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Redus family dealt setback in wrongful death lawsuit after Texas Supreme Court ruling

Justices conclude UIW had right to appeal lower court ruling

AUSTIN – The Texas Supreme Court on Friday reversed a lower court's decision that the University of Incarnate Word is not a governmental unit, allowing the private university to use an immunity claim in an ongoing wrongful death lawsuit filed by the family of a student who was shot and killed by a campus police officer more than three years ago.

The 12-page written ruling sends the case back to the Fourth Court of Appeals, which will decide if UIW, and by extension its police department, is entitled to sovereign immunity.

The ruling comes more than five months after the case was heard by the state's highest court.

"The university is entitled to the defense of immunity. Certainly, it's the position we've held all along," said Matthew Wymer, an attorney representing UIW.

Brent Perry, an attorney for the family of Cameron Redus, said via telephone that they will continue to argue against the school's claim of immunity.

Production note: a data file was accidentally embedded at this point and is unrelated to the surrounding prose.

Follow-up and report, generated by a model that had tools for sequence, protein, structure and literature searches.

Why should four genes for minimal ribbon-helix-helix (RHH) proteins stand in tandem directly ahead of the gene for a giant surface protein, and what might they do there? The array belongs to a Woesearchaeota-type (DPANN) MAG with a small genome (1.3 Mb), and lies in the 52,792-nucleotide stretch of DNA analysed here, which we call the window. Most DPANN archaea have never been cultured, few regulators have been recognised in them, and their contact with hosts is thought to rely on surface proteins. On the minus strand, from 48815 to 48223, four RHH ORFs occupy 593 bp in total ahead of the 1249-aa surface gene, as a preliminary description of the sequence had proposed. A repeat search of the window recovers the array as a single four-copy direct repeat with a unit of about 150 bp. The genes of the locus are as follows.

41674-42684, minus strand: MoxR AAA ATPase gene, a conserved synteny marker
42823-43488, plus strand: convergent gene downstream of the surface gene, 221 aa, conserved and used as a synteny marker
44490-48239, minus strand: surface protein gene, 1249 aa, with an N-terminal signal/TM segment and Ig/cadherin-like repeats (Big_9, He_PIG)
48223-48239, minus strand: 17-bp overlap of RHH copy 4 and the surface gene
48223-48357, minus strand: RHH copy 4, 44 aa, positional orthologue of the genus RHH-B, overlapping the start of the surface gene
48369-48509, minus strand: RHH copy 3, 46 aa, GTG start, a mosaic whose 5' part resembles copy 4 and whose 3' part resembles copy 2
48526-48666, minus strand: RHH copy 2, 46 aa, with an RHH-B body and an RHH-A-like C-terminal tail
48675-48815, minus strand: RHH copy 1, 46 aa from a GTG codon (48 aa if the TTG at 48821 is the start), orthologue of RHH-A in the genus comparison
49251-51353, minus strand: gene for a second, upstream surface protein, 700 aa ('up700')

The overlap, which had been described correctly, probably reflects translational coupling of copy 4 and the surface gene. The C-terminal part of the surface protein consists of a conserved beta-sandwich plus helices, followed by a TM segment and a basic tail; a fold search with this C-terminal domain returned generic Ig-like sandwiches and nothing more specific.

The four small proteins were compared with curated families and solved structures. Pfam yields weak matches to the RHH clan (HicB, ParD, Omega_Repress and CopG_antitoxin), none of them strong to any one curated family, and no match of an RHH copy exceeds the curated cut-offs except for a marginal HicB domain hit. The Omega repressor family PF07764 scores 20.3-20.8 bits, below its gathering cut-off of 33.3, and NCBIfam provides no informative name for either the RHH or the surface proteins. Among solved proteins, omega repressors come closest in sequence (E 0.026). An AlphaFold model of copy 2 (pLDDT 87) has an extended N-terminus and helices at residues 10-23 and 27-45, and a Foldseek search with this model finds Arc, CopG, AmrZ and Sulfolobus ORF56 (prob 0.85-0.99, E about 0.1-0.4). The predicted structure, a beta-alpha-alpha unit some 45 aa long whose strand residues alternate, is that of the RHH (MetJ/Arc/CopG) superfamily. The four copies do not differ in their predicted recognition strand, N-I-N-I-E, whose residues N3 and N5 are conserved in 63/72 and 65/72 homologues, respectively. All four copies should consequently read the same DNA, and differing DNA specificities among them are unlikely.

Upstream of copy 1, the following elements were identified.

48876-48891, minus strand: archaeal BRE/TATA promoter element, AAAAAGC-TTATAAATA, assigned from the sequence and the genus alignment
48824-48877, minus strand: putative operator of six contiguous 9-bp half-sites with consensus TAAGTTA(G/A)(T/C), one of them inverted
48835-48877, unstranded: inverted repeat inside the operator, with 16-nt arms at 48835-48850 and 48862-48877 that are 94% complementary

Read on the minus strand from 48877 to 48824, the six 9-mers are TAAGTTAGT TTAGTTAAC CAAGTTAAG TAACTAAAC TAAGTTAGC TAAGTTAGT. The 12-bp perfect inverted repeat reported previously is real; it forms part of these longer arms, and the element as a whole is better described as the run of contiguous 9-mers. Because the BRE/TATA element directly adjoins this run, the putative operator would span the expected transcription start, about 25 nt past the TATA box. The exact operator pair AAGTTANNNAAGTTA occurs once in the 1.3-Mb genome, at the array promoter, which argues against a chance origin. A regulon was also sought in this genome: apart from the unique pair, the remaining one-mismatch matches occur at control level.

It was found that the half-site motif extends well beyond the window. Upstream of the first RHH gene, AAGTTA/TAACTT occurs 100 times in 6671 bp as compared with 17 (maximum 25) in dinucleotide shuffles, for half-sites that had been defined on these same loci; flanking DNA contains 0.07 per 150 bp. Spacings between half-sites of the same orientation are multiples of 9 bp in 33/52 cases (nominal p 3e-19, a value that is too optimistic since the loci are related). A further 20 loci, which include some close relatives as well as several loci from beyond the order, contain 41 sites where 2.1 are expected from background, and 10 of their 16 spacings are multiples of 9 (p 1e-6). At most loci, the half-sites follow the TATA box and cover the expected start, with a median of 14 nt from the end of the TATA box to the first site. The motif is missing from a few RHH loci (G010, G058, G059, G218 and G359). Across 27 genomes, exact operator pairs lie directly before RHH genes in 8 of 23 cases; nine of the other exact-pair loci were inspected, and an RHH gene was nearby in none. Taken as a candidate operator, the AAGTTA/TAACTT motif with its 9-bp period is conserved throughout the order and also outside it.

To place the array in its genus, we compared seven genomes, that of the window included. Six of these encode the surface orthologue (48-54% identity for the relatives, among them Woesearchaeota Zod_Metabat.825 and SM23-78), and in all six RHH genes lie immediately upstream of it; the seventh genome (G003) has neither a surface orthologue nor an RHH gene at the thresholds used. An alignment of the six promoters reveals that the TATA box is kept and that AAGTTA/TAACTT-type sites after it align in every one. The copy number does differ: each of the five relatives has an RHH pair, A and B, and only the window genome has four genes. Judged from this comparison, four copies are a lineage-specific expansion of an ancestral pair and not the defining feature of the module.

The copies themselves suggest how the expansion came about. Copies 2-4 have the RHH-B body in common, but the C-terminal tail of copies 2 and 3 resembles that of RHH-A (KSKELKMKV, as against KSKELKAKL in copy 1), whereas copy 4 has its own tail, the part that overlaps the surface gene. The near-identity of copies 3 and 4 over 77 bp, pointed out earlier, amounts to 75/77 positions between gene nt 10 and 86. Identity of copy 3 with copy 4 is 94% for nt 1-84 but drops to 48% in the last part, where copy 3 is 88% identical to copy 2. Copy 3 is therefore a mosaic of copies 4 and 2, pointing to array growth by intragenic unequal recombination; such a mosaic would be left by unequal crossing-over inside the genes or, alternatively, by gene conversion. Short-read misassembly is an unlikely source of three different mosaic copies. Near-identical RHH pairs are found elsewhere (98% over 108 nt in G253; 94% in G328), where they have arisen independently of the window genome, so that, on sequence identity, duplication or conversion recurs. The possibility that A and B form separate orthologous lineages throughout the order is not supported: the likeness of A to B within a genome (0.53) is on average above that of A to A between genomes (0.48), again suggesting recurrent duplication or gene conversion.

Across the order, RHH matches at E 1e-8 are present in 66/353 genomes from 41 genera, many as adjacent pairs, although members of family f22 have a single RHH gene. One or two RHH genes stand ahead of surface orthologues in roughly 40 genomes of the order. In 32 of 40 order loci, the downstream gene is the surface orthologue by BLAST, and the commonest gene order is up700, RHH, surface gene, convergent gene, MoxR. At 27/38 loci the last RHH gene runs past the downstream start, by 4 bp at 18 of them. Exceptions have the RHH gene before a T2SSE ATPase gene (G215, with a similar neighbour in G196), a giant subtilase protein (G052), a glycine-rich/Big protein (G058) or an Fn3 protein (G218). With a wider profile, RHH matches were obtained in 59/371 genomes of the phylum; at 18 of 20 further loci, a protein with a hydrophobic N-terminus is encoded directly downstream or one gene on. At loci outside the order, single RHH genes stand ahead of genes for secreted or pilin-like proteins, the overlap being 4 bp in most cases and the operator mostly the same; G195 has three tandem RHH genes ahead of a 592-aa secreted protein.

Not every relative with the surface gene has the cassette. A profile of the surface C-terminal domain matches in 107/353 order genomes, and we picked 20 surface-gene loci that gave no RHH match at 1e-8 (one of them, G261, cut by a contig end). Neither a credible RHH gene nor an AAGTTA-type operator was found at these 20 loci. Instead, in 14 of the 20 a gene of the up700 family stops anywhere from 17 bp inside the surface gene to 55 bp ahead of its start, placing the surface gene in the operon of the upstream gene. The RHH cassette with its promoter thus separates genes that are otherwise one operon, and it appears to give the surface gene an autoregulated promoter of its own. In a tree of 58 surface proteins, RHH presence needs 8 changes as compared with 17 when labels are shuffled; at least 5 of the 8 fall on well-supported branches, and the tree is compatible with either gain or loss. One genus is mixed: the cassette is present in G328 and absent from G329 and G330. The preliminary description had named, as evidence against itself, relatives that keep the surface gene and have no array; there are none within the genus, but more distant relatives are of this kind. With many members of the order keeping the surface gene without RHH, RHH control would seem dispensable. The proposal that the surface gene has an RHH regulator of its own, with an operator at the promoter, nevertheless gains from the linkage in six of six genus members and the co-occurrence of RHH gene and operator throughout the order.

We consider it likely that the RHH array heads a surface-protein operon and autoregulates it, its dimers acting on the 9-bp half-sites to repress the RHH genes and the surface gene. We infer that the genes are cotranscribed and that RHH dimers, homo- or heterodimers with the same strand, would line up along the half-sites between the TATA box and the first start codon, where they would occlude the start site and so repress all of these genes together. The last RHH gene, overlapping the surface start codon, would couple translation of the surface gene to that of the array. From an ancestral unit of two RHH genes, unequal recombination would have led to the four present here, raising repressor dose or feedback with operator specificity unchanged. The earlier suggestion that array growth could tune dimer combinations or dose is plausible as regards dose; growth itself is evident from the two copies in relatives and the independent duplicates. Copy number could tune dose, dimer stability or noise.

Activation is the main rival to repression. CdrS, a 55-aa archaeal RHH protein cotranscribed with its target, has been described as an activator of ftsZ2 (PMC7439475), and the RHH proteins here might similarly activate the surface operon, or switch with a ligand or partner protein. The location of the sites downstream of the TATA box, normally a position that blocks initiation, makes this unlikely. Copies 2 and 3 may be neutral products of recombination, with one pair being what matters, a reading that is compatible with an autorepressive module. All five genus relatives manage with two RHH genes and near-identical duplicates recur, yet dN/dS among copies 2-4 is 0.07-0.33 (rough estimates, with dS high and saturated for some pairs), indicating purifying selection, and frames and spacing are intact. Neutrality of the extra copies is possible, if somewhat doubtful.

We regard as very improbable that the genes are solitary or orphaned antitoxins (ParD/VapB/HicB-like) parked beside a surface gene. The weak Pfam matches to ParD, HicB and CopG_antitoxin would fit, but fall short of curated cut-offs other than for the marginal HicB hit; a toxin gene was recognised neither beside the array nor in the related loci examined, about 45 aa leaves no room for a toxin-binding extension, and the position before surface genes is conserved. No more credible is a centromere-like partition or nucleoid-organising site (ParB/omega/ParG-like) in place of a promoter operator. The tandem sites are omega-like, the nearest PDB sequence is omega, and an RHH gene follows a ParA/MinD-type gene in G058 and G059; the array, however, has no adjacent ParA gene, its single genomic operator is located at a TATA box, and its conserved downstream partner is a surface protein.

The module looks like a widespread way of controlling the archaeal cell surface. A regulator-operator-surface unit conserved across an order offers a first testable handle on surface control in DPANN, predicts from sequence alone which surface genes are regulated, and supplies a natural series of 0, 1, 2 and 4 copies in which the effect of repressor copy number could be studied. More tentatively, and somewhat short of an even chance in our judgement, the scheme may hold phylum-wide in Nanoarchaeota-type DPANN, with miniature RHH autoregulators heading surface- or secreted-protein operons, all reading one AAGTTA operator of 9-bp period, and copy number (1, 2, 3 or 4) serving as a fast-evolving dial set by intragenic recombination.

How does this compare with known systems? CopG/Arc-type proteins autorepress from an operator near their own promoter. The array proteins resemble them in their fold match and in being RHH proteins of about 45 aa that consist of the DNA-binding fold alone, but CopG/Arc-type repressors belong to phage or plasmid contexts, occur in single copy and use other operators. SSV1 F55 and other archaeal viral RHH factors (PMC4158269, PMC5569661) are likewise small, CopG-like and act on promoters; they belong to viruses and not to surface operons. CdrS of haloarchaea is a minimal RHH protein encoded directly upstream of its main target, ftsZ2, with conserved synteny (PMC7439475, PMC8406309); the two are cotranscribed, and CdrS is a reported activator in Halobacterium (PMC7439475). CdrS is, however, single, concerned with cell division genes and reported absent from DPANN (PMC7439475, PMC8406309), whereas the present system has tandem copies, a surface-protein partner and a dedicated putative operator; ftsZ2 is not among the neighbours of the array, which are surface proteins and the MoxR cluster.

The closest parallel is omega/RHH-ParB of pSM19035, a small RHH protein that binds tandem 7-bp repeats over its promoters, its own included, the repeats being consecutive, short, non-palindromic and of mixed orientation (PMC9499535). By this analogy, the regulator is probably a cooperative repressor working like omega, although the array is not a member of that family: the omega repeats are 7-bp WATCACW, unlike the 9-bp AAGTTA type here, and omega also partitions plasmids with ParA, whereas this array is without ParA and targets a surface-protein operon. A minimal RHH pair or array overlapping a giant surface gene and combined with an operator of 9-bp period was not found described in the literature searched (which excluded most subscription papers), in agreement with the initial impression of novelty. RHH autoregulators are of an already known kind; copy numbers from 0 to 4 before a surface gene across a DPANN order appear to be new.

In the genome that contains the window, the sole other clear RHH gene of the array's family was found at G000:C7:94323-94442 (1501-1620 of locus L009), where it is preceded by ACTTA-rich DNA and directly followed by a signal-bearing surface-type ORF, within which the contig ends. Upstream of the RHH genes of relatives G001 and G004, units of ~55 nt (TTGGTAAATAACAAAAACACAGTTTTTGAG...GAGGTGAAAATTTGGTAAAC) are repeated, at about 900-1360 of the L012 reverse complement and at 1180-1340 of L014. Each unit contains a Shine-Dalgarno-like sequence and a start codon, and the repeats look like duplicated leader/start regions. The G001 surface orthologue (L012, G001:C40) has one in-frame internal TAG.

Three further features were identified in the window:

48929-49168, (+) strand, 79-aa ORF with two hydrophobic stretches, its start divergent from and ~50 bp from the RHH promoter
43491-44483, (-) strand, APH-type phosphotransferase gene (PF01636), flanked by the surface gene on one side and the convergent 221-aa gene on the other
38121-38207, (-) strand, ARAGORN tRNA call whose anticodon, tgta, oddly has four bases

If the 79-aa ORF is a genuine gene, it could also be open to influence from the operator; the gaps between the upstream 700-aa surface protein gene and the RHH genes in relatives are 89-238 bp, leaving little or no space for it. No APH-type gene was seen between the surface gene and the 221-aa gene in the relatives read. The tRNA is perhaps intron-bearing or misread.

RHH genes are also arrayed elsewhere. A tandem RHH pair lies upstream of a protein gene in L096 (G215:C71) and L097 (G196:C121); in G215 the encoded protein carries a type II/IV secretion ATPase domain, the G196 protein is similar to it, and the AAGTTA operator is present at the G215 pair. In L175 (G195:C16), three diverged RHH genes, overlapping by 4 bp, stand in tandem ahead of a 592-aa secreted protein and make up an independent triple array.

Perry said UIW Cpl. Chris Carter was not acting at the direction of a governmental entity, since his employer, UIW, is a private institution.

The Supreme Court justices concluded for the purposes of UIW's appeal that the school is a governmental unit because it operates a state-authorized police department with state-licensed officers.

The wrongful death lawsuit was filed by the family of Redus months after the UIW senior was shot and killed by Carter, following an altercation during a traffic stop outside Redus' off-campus apartment in Alamo Heights.

Carter was on duty, but was several blocks away from campus when he attempted to pull over Redus on suspicion of drunken driving.

An autopsy found that Redus was shot five times at close range and was heavily intoxicated.

Audio from Carter's body-worn microphone revealed that Redus repeatedly ignored the officer's commands and eventually fought with him.

Carter later resigned from UIW's police department but was cleared of criminal wrongdoing in 2015 by a Bexar County grand jury.

The case will likely resume this fall in the Fourth Court of Appeals.

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